While the English word enlightenment refers to the process of understanding, the Pàëi word usually translated as enlightenment, bodhi, both means `to awaken', or `to understand', i.e. to open the eyes. When, as a result of practising the Buddha's Dhamma, one deeply, fully and directly realizes the inadequate (dukkha), impermanent (anicca) and selfless (anatta) nature of conditioned phenomenon one is said to have become or to have attained enlightenment. Quite automatically, this realization brings about a radical change in one's experience and behaviour. Frustration, anxiety and fear are replaced by peace and joy. A person who is enlightened is called either a Buddha or an arahat. The state itself is also often called nirvana.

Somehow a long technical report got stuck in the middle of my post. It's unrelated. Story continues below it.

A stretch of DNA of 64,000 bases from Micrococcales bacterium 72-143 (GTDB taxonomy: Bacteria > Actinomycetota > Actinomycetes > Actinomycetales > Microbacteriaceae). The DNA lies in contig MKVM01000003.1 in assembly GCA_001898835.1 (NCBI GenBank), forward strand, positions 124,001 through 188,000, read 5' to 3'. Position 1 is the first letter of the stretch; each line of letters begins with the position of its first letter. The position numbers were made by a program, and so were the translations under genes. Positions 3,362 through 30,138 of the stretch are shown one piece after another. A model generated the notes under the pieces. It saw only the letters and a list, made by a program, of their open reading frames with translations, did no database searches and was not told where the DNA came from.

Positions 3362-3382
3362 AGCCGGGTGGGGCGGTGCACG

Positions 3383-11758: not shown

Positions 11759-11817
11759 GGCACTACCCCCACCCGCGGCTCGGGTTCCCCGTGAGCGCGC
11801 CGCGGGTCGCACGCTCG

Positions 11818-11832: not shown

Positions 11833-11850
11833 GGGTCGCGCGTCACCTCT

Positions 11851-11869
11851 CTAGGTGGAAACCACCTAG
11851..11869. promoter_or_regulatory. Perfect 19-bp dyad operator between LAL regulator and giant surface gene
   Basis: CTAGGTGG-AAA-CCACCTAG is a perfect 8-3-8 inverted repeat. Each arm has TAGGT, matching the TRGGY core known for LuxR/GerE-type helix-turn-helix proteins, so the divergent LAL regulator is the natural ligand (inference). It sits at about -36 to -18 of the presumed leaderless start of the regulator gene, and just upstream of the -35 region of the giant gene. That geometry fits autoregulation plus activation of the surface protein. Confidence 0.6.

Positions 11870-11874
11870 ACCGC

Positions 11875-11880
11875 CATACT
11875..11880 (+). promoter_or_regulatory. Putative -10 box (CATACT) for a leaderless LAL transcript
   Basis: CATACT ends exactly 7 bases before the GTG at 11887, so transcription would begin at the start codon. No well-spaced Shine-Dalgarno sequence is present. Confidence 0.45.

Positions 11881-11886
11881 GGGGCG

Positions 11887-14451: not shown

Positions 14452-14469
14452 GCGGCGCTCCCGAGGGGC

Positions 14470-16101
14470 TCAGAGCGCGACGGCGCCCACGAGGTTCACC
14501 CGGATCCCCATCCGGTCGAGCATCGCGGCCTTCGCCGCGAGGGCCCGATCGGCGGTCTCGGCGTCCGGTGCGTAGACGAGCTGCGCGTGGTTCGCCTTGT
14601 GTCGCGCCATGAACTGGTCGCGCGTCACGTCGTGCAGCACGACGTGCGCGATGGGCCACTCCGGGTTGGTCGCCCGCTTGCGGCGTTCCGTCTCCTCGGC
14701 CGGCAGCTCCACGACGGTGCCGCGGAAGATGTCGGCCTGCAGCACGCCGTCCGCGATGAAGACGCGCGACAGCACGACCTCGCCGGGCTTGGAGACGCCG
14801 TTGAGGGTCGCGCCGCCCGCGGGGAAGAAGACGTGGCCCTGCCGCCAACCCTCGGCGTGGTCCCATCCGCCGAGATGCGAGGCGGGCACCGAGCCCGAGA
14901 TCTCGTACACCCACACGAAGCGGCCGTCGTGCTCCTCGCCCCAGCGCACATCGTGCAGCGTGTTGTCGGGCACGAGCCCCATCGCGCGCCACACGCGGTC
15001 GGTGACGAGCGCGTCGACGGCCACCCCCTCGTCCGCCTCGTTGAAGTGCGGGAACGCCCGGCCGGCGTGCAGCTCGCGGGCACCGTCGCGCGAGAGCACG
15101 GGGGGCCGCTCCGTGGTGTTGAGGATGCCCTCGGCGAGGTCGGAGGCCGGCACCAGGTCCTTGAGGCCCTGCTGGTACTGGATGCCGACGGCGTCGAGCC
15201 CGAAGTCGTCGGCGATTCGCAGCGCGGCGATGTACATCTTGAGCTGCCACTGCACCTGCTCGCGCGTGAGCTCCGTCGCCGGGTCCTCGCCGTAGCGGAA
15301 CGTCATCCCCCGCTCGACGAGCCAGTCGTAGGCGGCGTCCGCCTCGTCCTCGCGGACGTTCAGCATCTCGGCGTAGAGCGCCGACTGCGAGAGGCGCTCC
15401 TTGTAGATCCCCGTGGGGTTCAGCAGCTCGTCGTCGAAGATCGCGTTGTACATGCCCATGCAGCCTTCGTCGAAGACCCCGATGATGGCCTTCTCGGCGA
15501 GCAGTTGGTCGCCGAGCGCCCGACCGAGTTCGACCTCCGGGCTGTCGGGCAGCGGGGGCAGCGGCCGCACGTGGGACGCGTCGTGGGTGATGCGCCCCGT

According to the Buddha, enlightenment comes in four stages, each triggered by the presence of particular spiritual qualities and the realization of certain truths. The first of these stages, Stream Winning (sotapàpatti), starts a process which inevitably leads to complete enlightenment, either within a matter of minutes or perhaps a few lifetimes. Stream Winning is characterized by unshakable sense of certainty about the Three Refuges (aveccapasàda), effortless morality (sãla), a realization that the body is not the self (sakkàyadiññhi) and no longer clinging to rules or morality (sãlavataparamàsa, D.III,227). The other stages are called Once Returning (sakadàgàmità), Non Returning (anàgàmità) and the final stage, complete enlightenment (arahatta). See Mysticism.